How Do Mutations in Contractile Proteins Cause the Primary Familial Cardiomyopathies?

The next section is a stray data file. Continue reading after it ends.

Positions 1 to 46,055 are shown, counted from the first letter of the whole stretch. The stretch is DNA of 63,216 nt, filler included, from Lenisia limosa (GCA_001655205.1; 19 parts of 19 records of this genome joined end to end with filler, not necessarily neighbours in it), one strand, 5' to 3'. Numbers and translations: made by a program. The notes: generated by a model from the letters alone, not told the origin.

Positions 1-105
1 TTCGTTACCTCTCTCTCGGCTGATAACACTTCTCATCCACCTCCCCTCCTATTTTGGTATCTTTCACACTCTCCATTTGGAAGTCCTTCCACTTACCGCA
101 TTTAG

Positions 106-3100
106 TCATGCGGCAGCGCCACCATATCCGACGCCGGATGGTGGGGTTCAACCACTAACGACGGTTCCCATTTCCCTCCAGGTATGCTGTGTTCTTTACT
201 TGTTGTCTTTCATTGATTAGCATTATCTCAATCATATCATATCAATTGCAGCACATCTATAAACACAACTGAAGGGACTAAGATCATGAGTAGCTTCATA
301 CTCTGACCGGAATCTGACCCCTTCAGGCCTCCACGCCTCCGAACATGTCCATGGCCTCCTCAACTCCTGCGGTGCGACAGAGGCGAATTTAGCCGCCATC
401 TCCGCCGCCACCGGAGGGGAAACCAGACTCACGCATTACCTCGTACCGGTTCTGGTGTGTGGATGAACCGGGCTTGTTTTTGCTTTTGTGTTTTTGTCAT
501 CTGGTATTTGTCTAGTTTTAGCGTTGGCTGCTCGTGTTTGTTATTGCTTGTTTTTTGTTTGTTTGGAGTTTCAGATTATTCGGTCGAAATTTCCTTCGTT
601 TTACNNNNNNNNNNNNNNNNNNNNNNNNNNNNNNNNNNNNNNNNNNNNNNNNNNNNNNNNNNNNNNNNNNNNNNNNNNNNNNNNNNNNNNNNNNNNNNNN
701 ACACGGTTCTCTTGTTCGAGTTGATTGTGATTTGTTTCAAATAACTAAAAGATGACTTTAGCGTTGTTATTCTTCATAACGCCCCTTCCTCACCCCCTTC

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In this article, the available evidence about the functional effects of the contractile protein mutations that cause hypertrophic cardiomyopathy (HCM) and dilated cardiomyopathy (DCM) is assessed. The molecular mechanism of the contractile apparatus of cardiac muscle and its regulation by Ca2+ and PKA phosphorylation have been extensively studied. Therefore, when a number of point mutations in the contractile protein genes were found to cause the well-defined phenotypes of HCM and DCM, it was expected that the diseases could be explained at the molecular level. However, the search for a distinctive molecular phenotype did not yield rapid results. Now that a substantial number of mutations that cause HCM or DCM have been investigated in physiologically relevant systems and with a range of experimental techniques, a pattern is emerging. In the case of HCM, the hypothesis that the major effect of mutations is to increase myofibrillar Ca2+-sensitivity seems to be well established, but the mechanisms by which an increase in myofibrillar Ca2+-sensitivity induces hypertrophy remain obscure. In contrast, DCM mutations are not correlated with a specific effect on Ca2+-sensitivity. It has recently been proposed that DCM mutations uncouple troponin I phosphorylation from Ca2+-sensitivity changes, albeit based on only a few mutations so far. A plausible link between uncoupling and DCM has been proposed via blunting of the response to α-adrenergic stimulation.